The amount of bacteria in ice cubes used for carbonated beverages at one KFC location was reportedly found to be 13 times higher than in toilet water in a lab test.
According to The Wall Street Journal, KFC issued a public apology following the China Central Television (CCTV) report. McDonald's and Kungfu announced investigations into the matter.
Experts told CCTV that dirty ice machines, poor awareness of food safety and sub-par sterilization routines contributed to the high amounts of bacteria in the ice.
Ding Ke, an associate professor of food science at Beijing University, said that these levels of bacteria could lead to dangerous diseases such as dysentery in people who consume contaminated ice, according to Shanghai Daily.
The story went viral on Sina Weibo after airing on CCTV, the predominant state television broadcaster in mainland China. A Huffington Post translation of the Sina Weibo post confirmed details about the levels of bacteria found in beverage ice.
An ABC 4 undercover investigation founs that the ice can be downright dirty. They randomly picked several Salt Lake Valley restaurants and collected a cup of ice from each.
“People assume because were freezing it and it's being put in a freezer that it's going to kill the contaminates or bacteria which is false,” said president of Summit Ice Brian Washnock. “The ice machines don't get cleaned as frequently as they should so they can potentially become bacteria traps,” said Washnock.
"There's a growing literature to suggest that these faucets can be a problem," said researcher Dr. Emily Sydnor. "It should be at least something people think about and consider a possible source of bacteria."
According to the health department, it can make the average person sick and can potentially cause death to someone with a weakened immune system. Health departments don't test ice for bacteria and fungus.
"Anything that we’re going to consume, if it’s not handled properly, can cause a health risk," said Debra Huffman, a microbiologist with the University of South Florida. In this country, she says, it’s not the water used to make ice that usually makes people sick, it’s the way people handle the ice. "It’s not going to smell funny. It’s not going to look funny. These are microscopic, and so you’re not going to see it. You wouldn’t known it happened."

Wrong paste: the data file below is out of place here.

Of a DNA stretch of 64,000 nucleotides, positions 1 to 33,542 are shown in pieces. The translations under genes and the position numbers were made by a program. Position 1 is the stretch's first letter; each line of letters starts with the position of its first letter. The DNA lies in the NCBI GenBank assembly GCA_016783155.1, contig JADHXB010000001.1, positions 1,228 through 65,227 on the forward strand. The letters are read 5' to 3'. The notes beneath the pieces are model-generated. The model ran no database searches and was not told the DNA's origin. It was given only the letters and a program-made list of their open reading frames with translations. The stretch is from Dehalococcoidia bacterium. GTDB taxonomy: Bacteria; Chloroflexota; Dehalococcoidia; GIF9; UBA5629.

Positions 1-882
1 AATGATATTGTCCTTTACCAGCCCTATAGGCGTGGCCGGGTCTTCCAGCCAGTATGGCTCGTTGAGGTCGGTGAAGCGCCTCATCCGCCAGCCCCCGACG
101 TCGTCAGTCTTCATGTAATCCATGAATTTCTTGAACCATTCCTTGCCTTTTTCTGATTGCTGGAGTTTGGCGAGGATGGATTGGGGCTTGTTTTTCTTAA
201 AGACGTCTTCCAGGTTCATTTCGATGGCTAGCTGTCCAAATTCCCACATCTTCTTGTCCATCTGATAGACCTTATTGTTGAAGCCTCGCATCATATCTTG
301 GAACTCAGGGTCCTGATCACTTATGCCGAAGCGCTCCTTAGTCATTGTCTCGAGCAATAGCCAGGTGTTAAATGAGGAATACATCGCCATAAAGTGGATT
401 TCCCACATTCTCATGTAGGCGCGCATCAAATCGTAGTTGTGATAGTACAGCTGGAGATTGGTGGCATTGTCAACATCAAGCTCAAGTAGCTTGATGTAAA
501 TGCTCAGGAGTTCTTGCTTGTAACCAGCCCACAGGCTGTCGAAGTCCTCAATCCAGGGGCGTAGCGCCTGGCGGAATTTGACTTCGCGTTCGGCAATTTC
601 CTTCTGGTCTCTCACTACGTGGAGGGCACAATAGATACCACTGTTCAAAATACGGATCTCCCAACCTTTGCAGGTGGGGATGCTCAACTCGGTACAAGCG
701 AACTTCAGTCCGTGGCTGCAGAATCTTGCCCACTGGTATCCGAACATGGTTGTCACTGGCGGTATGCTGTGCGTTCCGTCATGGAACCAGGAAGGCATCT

In China, 100 colony-forming units (CFU) of bacteria per milliliter is the national standard for drinking water. The McDonald's sample was found to contain 120 CFU per milliliter, and the Kungfu sample 900 CFU per milliliter.
Qaurtz pointed out that although the sheer amount of bacteria allegedly found was alarming, CCTV did not mention what kind of bacteria was present in the ice cubes.
Without that information, it's especially doubtful that anyone is likely to investigate the South China Morning Post's assertion that "you're better off drinking from a fast-food chain's toilet than its carbonated drinks."
This is not the first time ice in fast-food chains has come under scrutiny for bacterial content. In 2006, a sixth-grade student tested ice collected from south Florida fast-food restaurants as part of a school science project. Shockingly, she found that "70 percent of the time, ice from ... [the] restaurants was dirtier than toilet water," Good Morning America reported at the time.
April McCarthy is a community journalist playing an active role reporting and analyzing world events to advance our health and eco-friendly initiatives.